The Supreme Court on Tuesday ordered the formation of a medical board of noted psychiatrists to re-examine death-row inmate Imdad Ali, who is a patient of paranoid schizophrenia, to determine since when the convict has been suffering from the disorder.
According to a report in the local media, Justice Manzoor Ahmed Malik, who was heading a five-judge bench that had taken up petition of Imdad Ali’s wife Safia Bano, who sought review of the Sept 27 death sentence awarded to the 50-year-old inmate, observed that the matter is delicate and convicts awarded capital punishment should not be suffering from any physical or mental health issues.
The court ordered the medical board to furnish its final report to the apex court in two months and directed the presence of a member of the medical board in the courtroom when the matter is taken up again.
On Tuesday when the petitioner’s lawyer, Advocate Syed Iqbal Hussain Gillani requested the court to allow the patient to be shifted to any mental hospital from the jail, Justice Ijazul Ahsan, a member of the bench, cited a recent visit of the apex court judges to a mental health facility where they found the conditions of the hospital deplorable.
Justice Malik noted: “We have to decide whether the execution of an inmate will remain relevant if the convict had developed the disease two years before his execution date.”
An SC bench, headed by then chief justice Anwar Zaheer Jamali, on November 18, 2016, had ordered the constitution of a three-member medical board of renowned psychiatrists to thoroughly examine Imdad Ali and submit its findings after complete medical assessment of the patient.
The same bench had on October 31, 2016 stayed the execution of Ali by suspending the second black warrant issued for his execution. The earlier warrant was issued on July 26, 2016. The president had already rejected Ali’s mercy petition on November 17, 2015.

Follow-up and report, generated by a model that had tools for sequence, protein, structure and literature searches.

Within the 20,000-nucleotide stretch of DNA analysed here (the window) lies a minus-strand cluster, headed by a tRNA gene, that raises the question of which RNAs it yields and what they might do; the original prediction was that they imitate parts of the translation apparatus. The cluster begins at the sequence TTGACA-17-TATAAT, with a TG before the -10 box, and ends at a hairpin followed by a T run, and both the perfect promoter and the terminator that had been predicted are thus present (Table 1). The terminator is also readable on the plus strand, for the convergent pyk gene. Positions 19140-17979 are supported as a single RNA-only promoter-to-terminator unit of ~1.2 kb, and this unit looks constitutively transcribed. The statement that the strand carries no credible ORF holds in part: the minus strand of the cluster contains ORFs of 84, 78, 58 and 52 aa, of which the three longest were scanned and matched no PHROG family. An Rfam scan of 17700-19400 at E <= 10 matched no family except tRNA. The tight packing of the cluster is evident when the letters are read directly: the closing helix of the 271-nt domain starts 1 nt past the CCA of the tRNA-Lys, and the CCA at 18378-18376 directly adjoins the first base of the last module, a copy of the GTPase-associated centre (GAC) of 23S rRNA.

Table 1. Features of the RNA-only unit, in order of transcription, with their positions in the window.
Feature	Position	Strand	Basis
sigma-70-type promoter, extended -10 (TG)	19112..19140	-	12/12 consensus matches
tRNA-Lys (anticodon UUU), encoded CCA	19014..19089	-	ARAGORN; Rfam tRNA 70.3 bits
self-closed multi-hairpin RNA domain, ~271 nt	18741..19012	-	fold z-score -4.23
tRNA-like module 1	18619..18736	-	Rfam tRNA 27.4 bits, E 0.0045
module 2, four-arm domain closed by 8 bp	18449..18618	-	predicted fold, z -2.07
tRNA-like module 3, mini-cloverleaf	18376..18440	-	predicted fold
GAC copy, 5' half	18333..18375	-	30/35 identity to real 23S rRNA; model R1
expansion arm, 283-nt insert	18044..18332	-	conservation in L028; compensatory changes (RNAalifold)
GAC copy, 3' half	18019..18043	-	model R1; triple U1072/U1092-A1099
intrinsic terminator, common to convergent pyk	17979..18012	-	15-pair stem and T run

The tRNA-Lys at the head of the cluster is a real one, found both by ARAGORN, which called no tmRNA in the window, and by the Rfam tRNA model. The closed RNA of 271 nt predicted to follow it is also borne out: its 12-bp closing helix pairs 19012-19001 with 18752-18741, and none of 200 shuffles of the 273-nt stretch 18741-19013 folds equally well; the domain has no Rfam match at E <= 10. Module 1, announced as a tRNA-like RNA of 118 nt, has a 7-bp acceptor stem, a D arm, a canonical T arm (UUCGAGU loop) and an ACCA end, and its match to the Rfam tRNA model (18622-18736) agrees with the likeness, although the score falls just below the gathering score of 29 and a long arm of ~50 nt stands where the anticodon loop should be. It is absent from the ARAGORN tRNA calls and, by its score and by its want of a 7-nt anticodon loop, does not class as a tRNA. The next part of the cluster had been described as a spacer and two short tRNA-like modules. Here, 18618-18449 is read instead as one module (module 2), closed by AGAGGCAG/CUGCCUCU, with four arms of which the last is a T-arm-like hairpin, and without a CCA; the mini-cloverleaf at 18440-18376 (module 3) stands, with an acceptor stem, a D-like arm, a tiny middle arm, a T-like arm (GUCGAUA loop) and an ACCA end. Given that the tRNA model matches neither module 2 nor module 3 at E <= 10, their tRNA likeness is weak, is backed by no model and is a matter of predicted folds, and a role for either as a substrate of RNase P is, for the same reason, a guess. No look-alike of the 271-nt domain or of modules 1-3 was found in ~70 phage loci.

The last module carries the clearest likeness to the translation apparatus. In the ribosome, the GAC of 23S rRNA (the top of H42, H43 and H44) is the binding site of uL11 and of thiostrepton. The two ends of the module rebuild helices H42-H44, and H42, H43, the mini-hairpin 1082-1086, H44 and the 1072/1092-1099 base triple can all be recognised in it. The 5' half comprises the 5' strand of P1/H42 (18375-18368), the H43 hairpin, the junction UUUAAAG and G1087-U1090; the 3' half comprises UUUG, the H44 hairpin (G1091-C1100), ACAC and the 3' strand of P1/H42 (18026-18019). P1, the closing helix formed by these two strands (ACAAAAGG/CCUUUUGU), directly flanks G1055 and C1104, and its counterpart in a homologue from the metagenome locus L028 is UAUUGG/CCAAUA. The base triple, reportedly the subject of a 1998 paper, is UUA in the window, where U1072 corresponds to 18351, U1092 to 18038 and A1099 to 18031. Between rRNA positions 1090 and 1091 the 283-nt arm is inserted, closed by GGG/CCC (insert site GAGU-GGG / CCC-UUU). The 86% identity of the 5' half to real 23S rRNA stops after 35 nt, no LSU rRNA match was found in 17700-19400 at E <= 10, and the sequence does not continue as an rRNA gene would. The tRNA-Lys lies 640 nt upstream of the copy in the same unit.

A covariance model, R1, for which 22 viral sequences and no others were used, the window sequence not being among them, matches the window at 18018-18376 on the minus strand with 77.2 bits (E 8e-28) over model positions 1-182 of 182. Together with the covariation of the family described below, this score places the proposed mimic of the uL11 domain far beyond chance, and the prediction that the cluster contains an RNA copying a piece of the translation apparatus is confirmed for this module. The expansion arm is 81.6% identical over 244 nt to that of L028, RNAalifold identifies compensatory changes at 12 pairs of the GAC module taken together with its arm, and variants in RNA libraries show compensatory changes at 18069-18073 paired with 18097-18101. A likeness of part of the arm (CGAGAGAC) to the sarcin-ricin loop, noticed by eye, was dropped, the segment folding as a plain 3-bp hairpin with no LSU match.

Safia Bano had filed the appeal against the Aug 23, 2016 rejection by the Lahore High Court’s Multan bench of upholding the death sentence awarded by the trial court.
Earlier, the Supreme Court had ruled that mental sickness like schizophrenia did not strike down the death sentence because such psychiatric disorder was not a permanent disease and is curable with proper treatment.
In his review petition, the IG prisons pleaded that the court judgement had bound the definition of schizophrenia contrary to the universally accepted medical definition in terms of ‘mental disorder’ as envisaged by the Mental Health Ordinance, 2001, Punjab. The review petition also stated that the Sharia prohibited execution of a mentally challenged prisoner and that the view was endorsed by Islamic jurisprudent Allama Ibne Abideen in his celebrated work — Radd al-Muhtar ala al-Dur al-Mukhtar.
Safia Bano, in her review petition, pleaded that the medical records reflected that Imdad Ali had consistently displayed symptoms of schizophrenia he was diagnosed in prison, hence he was subject to the relevant procedures under the Pakistan Prison Rules, 1978 that asked for transfer of such patients to a mental hospital.